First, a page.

|Saturday social ride to view sunset over the Cuyahoga River, with Dom, Dave, Jackie, and Kristen|
Most of my riding is either training for something or racing. It is prescribed, and deliberate. Every ride has a purpose. My rides are all goal-driven, 'A'-type exercises. Even on the easy days.
So I saw this necessary down time as an opportunity. I thought it would be nice to be able to take a break from that kind of training rigidity while I allowed myself to heal. One time I dragged the 'cross bike out of the garage and hit the towpath. The next day I meandered into downtown Cleveland for an evening with friends at nano brew. On Sunday I signed up for an invitational ride with no expectations but to get in some miles, and to ride in a group that had no interest in sprinting for signs or challenging for QOM.
Everything started out just fine. Riding like this would be like old times, I thought, before I was into racing. Back then I would pick a destination for its own merits, maybe pack a sandwich in my back pocket. I thought I could easily slip back into that mode, now that I was forced to do so.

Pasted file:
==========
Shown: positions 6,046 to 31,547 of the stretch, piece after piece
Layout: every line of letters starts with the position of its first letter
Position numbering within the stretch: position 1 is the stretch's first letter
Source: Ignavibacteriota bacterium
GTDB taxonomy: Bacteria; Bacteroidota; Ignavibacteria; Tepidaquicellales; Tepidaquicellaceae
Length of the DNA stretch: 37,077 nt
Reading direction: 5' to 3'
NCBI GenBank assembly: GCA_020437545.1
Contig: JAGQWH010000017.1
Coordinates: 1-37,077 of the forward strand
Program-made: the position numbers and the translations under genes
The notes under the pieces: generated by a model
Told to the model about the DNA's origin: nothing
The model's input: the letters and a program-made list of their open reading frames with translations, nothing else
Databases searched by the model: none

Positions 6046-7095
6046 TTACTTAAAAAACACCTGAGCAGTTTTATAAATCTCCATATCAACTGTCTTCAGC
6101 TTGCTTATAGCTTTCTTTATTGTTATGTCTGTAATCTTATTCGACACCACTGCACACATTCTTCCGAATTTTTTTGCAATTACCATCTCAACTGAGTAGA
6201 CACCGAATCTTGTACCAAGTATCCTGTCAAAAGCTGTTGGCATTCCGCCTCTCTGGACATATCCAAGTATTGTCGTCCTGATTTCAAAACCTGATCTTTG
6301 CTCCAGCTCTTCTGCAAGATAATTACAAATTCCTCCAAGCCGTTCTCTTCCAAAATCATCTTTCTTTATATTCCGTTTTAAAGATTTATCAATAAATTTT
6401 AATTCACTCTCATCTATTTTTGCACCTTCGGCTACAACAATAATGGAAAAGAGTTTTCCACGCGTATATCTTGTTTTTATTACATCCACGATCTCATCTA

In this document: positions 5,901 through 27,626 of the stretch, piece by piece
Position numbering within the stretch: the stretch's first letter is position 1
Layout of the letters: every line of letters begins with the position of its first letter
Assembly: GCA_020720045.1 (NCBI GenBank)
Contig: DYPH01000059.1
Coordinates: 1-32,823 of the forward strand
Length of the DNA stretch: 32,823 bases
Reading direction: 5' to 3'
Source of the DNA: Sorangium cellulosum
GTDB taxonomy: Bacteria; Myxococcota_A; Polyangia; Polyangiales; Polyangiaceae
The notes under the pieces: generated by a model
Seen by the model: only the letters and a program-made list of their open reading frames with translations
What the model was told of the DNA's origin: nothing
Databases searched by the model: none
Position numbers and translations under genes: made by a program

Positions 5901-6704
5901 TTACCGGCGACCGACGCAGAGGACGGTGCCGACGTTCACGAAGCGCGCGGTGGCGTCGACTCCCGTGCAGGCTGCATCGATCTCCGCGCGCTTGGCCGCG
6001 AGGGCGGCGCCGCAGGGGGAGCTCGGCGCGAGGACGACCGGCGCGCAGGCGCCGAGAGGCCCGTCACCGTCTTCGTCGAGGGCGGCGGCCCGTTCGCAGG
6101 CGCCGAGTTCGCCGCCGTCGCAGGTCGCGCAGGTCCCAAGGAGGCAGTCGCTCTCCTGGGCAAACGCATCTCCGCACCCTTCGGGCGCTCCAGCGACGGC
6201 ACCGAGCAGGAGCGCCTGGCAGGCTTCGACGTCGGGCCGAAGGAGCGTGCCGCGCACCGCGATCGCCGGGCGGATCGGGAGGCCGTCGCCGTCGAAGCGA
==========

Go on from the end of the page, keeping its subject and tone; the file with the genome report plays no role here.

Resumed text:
And what if I really enjoyed the slow ride? Maybe I would become like those riders you see in Adventure Cycling's magazine, the ones who seem to not know - or care - that using bikes for the purpose of racing is an option, because they're so focused on how to get across Mongolia or something. I could be like those tweed riders in their lace-up boots and steampunk skirts, carrying whiskey bottles in their handcrafted handlebar baskets. I would start comparing the merits of various panniers, and learn the lingo of the latest hydraulic braking technologies.
This kind of thinking lasted about 10 minutes. Those were all good intentions. Naturally, they didn't have a chance.
Less than a week into my paradigm shift, I've found out something really important about my relationship with my bike. I found out that I don't like to 'just ride'; I like to ride hard, and fast.* I want to finish every ride exhausted. I want to feel the effort days later, while walking to Starbucks or climbing steps. Better yet, I want that feeling I get after a balls-to-the-wall group ride, unable to sleep because my leg muscles are twitching, reminding me what I did to them, or what they can do for me. I crave that.
*I especially don't like to watch friends and teammates racing when I'm not able to do so myself. It makes me feel like a caged animal.